“Justified,” in its
six seasons on FX, has succeeded where many shows fail and in a manner few pull
off. Consistently, Creator Graham Yost’s menagerie of Kentucky lawmen and
lawbreakers has provided a source of unabashed entertainment, delivered by way
of sharp shootouts and sharper wits.
But in our sixth and last year in Harlan,
the story of Raylan and Boyd, and the holler from which they hail, has deepened
and deepened again. To borrow generously from the mythology of the show itself,
it seems as if, in its final breaths, “Justified” is revealing all its boarded up
mine shafts normally hidden from view. Throughout the season, death has been on
the minds of all the heroes and villains and everyone in between. Will Raylan
live? Will Boyd? Will Ava finally get her much-deserved new life or will she
never leave Harlan alive? What the sixth season brilliantly does is maintain
everything “Justified” does so well—the wit, the absurdity, and, of course, the violence—while
simultaneously revealing a greater depth beneath all the slick one-liners. And
yet this depth is not specific to this season, really it’s been here all along.
But with the end in sight, it seems as if the show is ready to fully engage
with it, to bring it out of the mines and into the light.
At the Paley
Center’s celebration of “Justified’s” last season, Yost and the cast, including
Timothy Olyphant, Joelle Carter, Jacob Pitts and Erica Tazel, courted questions
about their characters’ fates with unsurprising wit and self-deprecation.
“I think everyone
went to Graham and said ‘I want to die,’” Carter said.
Justified has such a rich tradition
of grisly, memorable deaths, from Quarles’ severed arm to Mag Bennett’s
poisoned moonshine, that the requests seem reasonable.
“Yeah, I would
have felt great about [dying],” Pitts said. “I think everybody wants those five
minutes where the entire world is thinking about them.”
The writers have
always wielded the casts’ sense of humor very well. But as deftly as they’ve
handled the comedy this season—from Choo-Choo’s introduction to Tim’s Sigourney
Weaver-themed death wish—they’ve handled the tragedy even better.
The finality of
this season has not been lost on the characters. Raylan, Boyd, and Ava all
struggle to crawl out of the hills of Harlan County for better lives elsewhere. For Raylan, Winona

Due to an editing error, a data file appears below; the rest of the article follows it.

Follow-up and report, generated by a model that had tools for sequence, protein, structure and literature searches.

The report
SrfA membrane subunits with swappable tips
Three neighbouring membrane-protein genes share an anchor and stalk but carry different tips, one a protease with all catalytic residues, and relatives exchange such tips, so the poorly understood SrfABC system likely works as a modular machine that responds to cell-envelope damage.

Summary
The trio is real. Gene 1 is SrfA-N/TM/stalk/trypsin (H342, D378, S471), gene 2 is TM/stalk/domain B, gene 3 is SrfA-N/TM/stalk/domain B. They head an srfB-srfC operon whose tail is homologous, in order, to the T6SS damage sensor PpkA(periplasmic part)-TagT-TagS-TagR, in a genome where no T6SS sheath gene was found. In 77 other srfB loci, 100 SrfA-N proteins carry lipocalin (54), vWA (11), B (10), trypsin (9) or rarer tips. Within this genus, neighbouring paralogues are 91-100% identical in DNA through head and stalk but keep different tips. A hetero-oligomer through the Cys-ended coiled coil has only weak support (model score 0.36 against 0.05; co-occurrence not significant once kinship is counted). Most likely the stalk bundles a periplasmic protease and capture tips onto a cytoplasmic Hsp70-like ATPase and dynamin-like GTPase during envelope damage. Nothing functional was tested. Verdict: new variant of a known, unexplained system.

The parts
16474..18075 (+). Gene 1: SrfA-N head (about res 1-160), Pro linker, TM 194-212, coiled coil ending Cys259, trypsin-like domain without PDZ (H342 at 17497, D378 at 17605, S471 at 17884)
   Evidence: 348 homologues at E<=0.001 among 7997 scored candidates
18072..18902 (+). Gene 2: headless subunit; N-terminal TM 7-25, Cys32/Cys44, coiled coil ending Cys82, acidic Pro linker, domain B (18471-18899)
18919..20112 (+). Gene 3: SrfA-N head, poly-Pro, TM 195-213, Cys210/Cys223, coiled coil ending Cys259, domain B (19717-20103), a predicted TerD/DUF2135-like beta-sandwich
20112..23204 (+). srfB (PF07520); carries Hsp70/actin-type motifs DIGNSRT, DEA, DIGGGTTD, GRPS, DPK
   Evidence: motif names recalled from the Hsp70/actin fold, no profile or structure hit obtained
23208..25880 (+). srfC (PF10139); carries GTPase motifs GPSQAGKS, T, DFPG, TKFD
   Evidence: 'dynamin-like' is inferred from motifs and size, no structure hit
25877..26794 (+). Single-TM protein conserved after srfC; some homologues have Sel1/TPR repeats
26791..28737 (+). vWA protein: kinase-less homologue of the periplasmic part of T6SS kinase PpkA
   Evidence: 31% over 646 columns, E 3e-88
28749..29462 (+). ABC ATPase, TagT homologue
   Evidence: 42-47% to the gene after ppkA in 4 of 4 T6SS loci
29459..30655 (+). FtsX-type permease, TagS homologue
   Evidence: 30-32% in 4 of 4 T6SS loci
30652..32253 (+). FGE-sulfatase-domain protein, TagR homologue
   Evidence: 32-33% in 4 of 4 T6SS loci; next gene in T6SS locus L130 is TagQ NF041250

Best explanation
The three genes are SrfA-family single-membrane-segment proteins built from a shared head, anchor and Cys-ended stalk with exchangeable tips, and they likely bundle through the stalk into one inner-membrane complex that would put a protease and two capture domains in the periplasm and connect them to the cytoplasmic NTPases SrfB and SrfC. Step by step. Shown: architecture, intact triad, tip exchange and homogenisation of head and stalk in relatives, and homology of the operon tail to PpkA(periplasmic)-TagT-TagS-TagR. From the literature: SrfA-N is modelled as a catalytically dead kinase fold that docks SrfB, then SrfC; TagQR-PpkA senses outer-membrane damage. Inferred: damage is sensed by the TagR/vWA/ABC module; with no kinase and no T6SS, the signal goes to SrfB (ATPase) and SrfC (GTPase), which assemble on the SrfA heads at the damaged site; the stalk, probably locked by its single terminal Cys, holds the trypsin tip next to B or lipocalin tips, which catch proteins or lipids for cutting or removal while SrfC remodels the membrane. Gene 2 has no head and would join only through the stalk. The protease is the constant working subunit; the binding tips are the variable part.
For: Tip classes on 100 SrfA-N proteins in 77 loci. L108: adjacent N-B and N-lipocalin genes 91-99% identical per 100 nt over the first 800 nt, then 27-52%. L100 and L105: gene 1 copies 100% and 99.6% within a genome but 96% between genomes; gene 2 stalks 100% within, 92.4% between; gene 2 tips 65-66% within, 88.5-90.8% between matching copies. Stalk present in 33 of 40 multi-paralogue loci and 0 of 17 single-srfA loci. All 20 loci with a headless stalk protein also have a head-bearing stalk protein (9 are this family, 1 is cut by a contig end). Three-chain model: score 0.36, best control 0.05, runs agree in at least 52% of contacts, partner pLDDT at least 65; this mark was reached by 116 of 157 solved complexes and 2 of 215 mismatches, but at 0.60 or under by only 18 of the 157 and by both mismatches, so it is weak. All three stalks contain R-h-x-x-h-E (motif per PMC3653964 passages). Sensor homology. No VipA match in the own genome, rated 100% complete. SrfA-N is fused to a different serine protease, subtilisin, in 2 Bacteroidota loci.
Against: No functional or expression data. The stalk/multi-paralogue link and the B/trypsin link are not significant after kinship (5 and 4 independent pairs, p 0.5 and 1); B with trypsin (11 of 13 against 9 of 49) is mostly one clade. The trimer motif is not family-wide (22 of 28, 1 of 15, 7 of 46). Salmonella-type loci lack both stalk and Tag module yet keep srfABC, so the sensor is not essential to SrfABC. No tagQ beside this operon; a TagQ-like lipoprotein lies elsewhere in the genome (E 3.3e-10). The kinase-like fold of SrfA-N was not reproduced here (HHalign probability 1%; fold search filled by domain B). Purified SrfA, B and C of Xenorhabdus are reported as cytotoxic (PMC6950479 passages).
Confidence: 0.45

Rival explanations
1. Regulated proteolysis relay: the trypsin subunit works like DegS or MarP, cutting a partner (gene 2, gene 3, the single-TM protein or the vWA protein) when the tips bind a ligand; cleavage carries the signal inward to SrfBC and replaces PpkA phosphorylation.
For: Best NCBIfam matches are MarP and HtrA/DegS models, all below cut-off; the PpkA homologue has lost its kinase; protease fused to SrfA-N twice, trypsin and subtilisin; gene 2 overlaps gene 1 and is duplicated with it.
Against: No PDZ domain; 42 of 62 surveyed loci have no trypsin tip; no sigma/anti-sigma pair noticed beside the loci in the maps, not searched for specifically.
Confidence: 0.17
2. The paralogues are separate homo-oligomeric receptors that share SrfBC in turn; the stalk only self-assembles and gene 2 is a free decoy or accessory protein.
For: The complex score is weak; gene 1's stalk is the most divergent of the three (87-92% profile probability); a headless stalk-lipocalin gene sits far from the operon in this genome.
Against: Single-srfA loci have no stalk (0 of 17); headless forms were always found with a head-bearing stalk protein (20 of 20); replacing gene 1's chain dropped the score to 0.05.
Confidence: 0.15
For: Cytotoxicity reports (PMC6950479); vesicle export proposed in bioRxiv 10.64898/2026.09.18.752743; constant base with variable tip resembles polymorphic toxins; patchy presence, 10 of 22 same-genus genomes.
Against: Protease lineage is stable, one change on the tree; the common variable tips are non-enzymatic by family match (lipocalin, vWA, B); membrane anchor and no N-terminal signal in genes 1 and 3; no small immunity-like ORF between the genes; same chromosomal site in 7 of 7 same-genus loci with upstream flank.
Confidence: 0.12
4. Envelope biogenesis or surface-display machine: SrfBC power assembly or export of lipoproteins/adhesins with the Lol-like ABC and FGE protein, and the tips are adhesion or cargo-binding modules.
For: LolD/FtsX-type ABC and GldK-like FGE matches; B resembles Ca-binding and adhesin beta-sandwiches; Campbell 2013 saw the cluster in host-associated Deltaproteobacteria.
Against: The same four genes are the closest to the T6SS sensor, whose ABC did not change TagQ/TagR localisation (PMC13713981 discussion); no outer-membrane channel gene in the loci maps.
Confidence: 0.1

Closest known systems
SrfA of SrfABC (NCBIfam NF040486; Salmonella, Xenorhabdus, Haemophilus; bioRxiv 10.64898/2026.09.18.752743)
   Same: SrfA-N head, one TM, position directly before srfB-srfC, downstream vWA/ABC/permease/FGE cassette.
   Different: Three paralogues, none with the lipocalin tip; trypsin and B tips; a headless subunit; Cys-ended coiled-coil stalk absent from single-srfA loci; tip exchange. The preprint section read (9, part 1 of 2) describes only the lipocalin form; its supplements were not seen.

and his newborn daughter await in Florida. For Boyd and Ava, the future is much
less certain. But can it be worse than what awaits at home?
For all three
characters, they know the struggles of a place like this because they’ve heard the countless stories their families pass on. Generation after
generation of Givens and Crowders and Randolphs toiled away in the hills, struggling to make
due. But as unforgiving a place it may be, it’s still home.
And it’s in that
duality where “Justified” lives. The series pivots around our hero Raylan Givens
and his relationship with local criminal Boyd Crowder. Raylan and Boyd are
childhood buddies, two men who grew up in Harlan’s coalmines and escaped them
via opposing routes. In many ways, the lawman and the lawbreaker are two sides
of the same coin. But in this season, more so than before, Carter has been given
the opportunity to also explore ambiguity, with Ava playing the two
“I’ve been playing
that Ava’s been looking for the right opportunity. She hasn’t been on either
side. Whether she’s been swayed either way, that’s a different story,” Carter
said. “She didn’t have a plan of how she’s going to do it. It’s just kind of
clumsily falling into it.”
revelation is indicative of a habit the show has: cloaking tragedy with wit and
absurdity and violence. Ava, the once husband-killing, skillet wielding badass
has been revealed to be a genuinely tragic figure, desperately working her
circumstances as best she can just so she can escape them.
With six years of
precise, loving world-building Yost has created a labyrinth of backstories and
histories that he and his cast can mine (sorry) for either comedy or tragedy or
both. Unsurprisingly, the man tasked with embodying Raylan for six years says it best himself:
important to get across how cool I am. That’s number one. We put that up front,” Olyphant said. “And after that if there’s some subtext, fuck it, great.”